In This Issue
Van Den Heede - Last 100 miles to finish
San Francisco SailGP's inaugural season
Seahorse Sailor Of The Month
95 Clubs In 2019 Sailing Champions League Qualifiers
Nuvolari Lenard founder embarks on solo transatlantic crossing
Video - SailGP F50 Controls
Loro Piana Superyacht Regatta opens to multihull entries
ORR or ORR-Ez? Which Handicapping Rule is Right for Your Event?
Seeking membership in the South West Shingles Yacht Club...
Featured Brokerage
The Last Word: Art Land

Brought to you by Seahorse magazine and EuroSail News (formerly Scuttlebutt Europe) is a digest of sailing news and opinions, regatta results, new boat and gear information and letters from sailors -- with a European emphasis. Contributions welcome, send to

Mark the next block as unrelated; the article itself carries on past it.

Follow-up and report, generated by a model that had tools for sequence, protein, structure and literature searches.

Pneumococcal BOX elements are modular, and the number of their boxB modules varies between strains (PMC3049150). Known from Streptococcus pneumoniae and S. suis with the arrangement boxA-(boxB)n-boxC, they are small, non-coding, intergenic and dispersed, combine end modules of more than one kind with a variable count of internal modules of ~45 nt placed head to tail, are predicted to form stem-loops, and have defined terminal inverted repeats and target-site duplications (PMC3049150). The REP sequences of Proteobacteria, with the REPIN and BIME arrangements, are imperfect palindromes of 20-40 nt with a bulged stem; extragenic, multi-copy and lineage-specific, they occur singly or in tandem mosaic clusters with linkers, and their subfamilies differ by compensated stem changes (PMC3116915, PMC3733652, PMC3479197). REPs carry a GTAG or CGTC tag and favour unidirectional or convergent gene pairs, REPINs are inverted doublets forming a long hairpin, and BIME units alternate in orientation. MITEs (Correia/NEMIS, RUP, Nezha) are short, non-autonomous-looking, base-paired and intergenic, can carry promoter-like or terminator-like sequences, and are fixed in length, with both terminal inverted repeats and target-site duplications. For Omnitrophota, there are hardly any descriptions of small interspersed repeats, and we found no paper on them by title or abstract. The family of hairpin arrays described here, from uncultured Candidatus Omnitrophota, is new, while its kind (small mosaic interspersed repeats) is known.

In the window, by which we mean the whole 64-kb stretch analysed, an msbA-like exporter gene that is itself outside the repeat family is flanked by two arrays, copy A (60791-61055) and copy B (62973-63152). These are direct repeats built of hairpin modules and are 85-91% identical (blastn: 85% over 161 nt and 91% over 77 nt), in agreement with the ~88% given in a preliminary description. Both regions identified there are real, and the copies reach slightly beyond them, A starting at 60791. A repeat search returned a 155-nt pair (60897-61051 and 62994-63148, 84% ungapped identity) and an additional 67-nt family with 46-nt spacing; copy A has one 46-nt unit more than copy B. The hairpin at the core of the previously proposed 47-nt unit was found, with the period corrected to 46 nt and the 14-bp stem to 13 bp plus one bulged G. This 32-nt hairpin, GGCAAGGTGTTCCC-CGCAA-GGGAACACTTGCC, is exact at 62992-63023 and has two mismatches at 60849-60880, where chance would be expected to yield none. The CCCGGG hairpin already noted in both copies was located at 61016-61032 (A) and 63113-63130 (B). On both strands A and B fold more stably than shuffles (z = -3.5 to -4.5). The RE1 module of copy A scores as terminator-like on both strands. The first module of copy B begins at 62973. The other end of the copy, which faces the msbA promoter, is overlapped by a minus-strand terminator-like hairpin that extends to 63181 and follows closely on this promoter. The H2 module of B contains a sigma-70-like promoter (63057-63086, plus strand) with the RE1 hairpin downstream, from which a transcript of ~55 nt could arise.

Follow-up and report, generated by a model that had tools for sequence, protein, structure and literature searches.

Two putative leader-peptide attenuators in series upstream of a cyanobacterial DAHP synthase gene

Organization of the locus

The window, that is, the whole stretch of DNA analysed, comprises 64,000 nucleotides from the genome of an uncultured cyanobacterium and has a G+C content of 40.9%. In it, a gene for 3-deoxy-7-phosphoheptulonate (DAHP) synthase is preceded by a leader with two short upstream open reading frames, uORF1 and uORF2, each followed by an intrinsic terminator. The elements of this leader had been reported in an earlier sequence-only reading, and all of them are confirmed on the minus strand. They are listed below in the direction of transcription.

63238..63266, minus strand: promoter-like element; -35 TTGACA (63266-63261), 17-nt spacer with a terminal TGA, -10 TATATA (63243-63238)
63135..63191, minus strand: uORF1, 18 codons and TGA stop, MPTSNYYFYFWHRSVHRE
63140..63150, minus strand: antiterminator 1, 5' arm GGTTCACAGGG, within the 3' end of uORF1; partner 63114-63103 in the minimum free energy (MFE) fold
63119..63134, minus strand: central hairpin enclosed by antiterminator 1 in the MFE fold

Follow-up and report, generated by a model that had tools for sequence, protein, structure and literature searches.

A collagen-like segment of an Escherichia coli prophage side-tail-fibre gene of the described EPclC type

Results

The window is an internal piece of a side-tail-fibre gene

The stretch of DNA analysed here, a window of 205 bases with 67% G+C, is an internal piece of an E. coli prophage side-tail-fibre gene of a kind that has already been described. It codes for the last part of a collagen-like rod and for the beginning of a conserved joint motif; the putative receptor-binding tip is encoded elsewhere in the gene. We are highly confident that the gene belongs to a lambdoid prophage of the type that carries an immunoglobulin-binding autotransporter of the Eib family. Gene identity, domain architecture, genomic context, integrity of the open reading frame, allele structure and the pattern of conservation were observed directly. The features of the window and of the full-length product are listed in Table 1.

Van Den Heede - Last 100 miles to finish
ETA - 08:00 UTC Tuesday 29th January 2nd placed Mark Slats trails 321 miles

Les Sables d'Olonne, FranceL Jean-Luc Van Den Heede endured another tough night with 45knots winds and 6-7m seas but his Rustler 36 Matmut is now within 100 miles of the finish line at Les Sables d'Olonne and the 73-year old Frenchman is expected to arrive to a huge welcome at 08:00 UTC tomorrow (09:00 French time)

His great rival, Dutchman Mark Slats sailing a second Rustler 36 Ophen Maverick, narrowed the lead by 91 miles over the weekend, but remains 312 miles astern. He is not now expected to finish until late on Thursday, experiencing another Bay of Biscay gale just before his arrival.

The weather in the Bay of Biscay is forecast to moderate today, and barring light winds at dawn, should provide good sailing conditions all the way to the finish.